When it comes time to build or expand a major giving team, leaders tend to wrestle with managerial questions such as, how many officers are enough? When does it make sense to add a gift officer? What is the best way for managers to set goals and gauge success? We will be answering these questions over a series of blogs that will present key areas to consider when adding a gift officer to your team. We encourage you to walk away from the common rule of thumb of adding a gift officer for every incremental $1 million you want to raise. Instead you want to understand the types of prospects your new and tenured officers should be concentrating on as well as how important prospect assignments and first-time visits are for meeting fundraising goals.
We talk often about three types of donors higher education fundraisers run into: Bluebirds (unexpected gifts from donors who like something unique at your institution that drive the donor’s affinity), Evergreen (your tried-and-true donors who are reliable donors and well-known in your fundraising organization), Pipeline (a group of potential donors who are in the Discovery, Cultivation or Solicitation fundraising phases)
Each of these groups see your institution differently and will also react differently to increased investments and efforts to reach them. Knowing where to invest to improve your chances of getting donations from each of these groups enables you to make confident decisions in adding staff, assigning prospects, and setting expectations. Adding new officers to cultivate Pipeline prospects can add considerable value to the team’s discovery and relationship building efforts, creating long-term value for the institution.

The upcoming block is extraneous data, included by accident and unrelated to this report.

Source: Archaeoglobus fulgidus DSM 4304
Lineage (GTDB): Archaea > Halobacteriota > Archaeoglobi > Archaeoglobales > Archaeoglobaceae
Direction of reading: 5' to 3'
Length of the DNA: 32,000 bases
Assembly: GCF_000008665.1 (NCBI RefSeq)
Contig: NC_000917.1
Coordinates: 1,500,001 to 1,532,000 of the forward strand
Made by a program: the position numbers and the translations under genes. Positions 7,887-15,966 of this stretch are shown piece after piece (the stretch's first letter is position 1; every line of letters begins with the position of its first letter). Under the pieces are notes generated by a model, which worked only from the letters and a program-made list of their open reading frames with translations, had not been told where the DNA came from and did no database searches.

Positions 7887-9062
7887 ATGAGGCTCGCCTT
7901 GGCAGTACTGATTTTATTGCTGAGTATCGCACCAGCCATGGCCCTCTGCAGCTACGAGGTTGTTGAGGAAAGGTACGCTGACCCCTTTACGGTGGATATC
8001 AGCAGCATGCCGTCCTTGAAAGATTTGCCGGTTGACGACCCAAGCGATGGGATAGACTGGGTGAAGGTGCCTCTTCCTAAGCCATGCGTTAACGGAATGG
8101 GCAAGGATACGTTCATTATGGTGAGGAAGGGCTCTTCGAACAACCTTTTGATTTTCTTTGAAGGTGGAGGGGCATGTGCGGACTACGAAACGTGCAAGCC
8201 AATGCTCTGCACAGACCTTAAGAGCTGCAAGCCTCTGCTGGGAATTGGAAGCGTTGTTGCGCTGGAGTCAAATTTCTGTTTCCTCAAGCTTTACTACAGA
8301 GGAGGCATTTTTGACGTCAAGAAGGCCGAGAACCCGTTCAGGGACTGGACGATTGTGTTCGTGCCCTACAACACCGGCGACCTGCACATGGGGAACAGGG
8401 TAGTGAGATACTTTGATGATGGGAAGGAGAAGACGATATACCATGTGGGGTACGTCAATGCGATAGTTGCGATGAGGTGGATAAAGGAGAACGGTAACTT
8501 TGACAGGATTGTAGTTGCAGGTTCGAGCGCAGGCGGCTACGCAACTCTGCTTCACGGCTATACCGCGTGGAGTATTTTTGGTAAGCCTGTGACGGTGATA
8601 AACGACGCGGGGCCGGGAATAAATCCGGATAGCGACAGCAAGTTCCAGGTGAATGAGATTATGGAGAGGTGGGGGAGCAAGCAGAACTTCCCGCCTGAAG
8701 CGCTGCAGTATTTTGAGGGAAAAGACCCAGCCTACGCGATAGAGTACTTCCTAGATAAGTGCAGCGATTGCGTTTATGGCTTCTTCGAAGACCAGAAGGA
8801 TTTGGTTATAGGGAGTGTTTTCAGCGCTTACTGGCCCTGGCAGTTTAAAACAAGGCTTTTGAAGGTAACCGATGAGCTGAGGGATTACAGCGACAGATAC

Since the value of additional gift officers comes from Pipeline activities, it is important to identify the best possible prospects using a disciplined approach for making contacts, undertaking discovery, and generating proposals. In turn, having tools in place to help officers maximize their efforts is critical. We know through benchmarking the Reeher Community Institutions, that on average, 66% of high valued prospects remain unassigned. The benchmarks also show that the average time between a first-time visit and a major gift ranges from 4.87 years for a $10,000 major gift to 6.01 years for a $50,000 gift. We estimate these metrics are similar in your organization. The data clearly show that before you add a resource, you need to recognize that soliciting major gifts is a long-term investment. For this reason, finding the right Pipeline prospects early in a new officer’s tenure can be critical to your long-term success.
Reeher’s predictive models and scores are designed just to do that. Customized for each of our Reeher Community institutions, officers and leaders can easily find the best prospects without having to interact directly with the cumbersome donor database. Complete donor lists and drill downs into a comprehensive donor profile gives all the information needed with a few clicks of a mouse or tap on a mobile device.
Our whitepaper Key Areas to Consider When Adding A Gift Officer helps you discover how to use your staff for your best return on investment. Download your copy to learn more about the different business cases to consider before making your next hire.